Sunday, 6 June 2010

The Overhead Position, Part 2

Exercises to activate and strengthen the lower traps and serratus anterior

So having discussed the role of both the lower fibres of trapezius and the serratus anterior in upwardly rotating the scapula to allow movement of the arms overhead, I now plan to show a few exercises which should help get these muscles working as they should. The name of the game with these is 'feeling' the exercise; what I mean by this is concentrating your mind on which muscles are effecting the movement; ensuring form is perfect; to this end it is not necessary and indeed counter-productive to load on weight. Besides the fact that no-one cares how much weight you use for esoteric rehab exercises, it will also serve to force your body to compensate and revert to stronger muscles, missing the point of the exercise altogether.

The first exercise is the Prone Y, a component of the popular YTWL complex. The Y portion of the complex in particular is designed to teach activation of the lower fibres of trapezius.  To perform this exercise, the torso needs to be approximately parallel to the floor. You can either lean over, keeping your spine extended, or lie on a bench. Let your arms hang down in front of you. To initiate the movement, squeeze the scapulae back and down (retract and depress). Now, lift your arms out to the side, maintaining an angle of about 135 degrees to your body. Your thumbs should be pointing towards the ceiling. Once your arms have been lifted as far as possible, try to make them as long as possible. You should not be shrugging your shoulders to your ears - there should be a feeling on intense contraction between the scapulae. Lower the arms and repeat.

The next exercise is the Scap Pressup. This starts off similarly to a normal pressup. Assume a strong planked position. Now, lower your body by retracting and depressing your scapulae, keeping your elbows locked out. Only your scapulae should move; this is quite hard to do at first but will come with practice. Once you have lowered as far as possible, reverse the movement by protracting your scapulae as hard as possible and driving upwards. The range-of-motion is quite small so don't be tempted to extend it by either bending at the elbows or sagging at the waist. Keep it tight and activate the serratus.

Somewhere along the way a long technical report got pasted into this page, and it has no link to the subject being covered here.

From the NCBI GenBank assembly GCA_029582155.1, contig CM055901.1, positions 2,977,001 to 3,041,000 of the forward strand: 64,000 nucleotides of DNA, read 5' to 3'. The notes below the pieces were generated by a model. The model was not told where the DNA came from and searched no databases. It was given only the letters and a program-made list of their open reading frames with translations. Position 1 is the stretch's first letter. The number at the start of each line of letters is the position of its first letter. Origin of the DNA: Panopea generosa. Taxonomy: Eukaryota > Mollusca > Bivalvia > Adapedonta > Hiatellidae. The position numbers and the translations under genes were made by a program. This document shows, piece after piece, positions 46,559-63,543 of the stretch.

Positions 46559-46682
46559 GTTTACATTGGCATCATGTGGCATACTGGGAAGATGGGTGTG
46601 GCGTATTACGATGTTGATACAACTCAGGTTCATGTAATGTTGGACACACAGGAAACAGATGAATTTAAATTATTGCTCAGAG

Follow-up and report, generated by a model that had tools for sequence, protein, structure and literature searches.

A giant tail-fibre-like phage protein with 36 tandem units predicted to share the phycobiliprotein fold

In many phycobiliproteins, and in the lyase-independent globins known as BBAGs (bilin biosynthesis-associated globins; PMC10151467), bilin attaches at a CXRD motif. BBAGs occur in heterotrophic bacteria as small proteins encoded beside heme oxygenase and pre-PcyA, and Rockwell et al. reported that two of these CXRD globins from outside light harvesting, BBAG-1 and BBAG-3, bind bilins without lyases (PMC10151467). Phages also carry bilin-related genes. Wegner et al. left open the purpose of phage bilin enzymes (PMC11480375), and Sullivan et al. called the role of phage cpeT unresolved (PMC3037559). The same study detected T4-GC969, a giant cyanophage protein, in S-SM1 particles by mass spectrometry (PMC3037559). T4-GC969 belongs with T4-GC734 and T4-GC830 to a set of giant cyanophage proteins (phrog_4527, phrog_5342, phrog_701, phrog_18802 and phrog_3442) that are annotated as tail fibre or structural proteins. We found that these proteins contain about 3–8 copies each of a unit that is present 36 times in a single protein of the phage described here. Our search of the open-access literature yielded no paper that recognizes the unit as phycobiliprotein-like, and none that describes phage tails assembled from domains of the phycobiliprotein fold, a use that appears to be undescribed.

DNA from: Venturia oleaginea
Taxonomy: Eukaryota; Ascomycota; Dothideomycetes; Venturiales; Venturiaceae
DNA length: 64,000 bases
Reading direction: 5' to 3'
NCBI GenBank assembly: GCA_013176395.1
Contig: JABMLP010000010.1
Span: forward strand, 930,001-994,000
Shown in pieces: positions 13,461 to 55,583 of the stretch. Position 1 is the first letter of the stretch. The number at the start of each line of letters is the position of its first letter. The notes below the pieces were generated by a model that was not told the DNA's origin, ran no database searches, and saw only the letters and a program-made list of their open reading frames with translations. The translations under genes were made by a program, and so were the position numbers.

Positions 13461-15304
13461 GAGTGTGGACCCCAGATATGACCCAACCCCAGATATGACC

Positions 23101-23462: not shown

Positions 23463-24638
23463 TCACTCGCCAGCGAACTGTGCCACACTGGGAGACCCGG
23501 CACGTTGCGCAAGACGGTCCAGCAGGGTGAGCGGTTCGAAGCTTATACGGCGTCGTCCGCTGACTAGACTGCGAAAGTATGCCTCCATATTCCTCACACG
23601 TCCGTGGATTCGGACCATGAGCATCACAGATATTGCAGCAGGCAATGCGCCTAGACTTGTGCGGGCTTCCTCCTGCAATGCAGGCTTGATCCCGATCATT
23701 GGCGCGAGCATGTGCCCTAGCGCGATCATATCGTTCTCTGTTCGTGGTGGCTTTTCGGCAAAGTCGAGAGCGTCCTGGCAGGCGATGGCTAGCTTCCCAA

This next exercise is also one for the Serratus Anterior. I have to credit James Jowsey with showing this to me. I'm not sure if it has a name. Stand about 18 inches or so from a wall. Lean forward and place both forearms in contact with the wall, having your elbows flexed to about 90 degrees. To start the movement, slide one arm upwards, keeping the hand and forearm in contact with the wall at all times. Drive the shoulder forward during this movement to further activate the serratus. If done correctly you should feel intense contraction under the armpit on the side of the chest wall. To aid in feeling this, take the non-working hand off the wall and place it just down from the armpit on the side of the chest. You should feel the muscular slips of the serratus bulge out as you perform the motion.

Finally, I've included the Scap Wall-slide. This exercise generally improves scapular retraction and humeral external rotation, as well as actively stretching the pecs and lats and improving mobility of the thoracic spine. We'll get on to why these are such good things later; suffice to say that you get a lot of bang for your buck and should therefore do it. It is a hard exercise; as you can see in the video, I am only capable of a fairly limited range-of-motion. Even this causes intense contraction of the muscles retracting the scapulae and extending the thoracic spine. To perform the movement, sit against a wall. Keep the full length of your spine in contact with the wall at all times. Retract your scapulae and put your arms in contact with the wall, elbows flexed at 90 degrees, so you form an L shape with each arm. Now, keeping all the arm in contact with the wall, slowly slide your arms up the wall. The  forearms should remain at 90 degrees to the floor at all times. Move only as far as flexibility allows, then slide the arms back down. This is tough, but persist and shoulder mobility will improve dramatically.

These four exercises would be an excellent part of a warm-up before a workout that makes extensive use of the shoulders. If you're training right, this will be every workout. They are worth doing on rest days also, particularly if you get shoulder pain.

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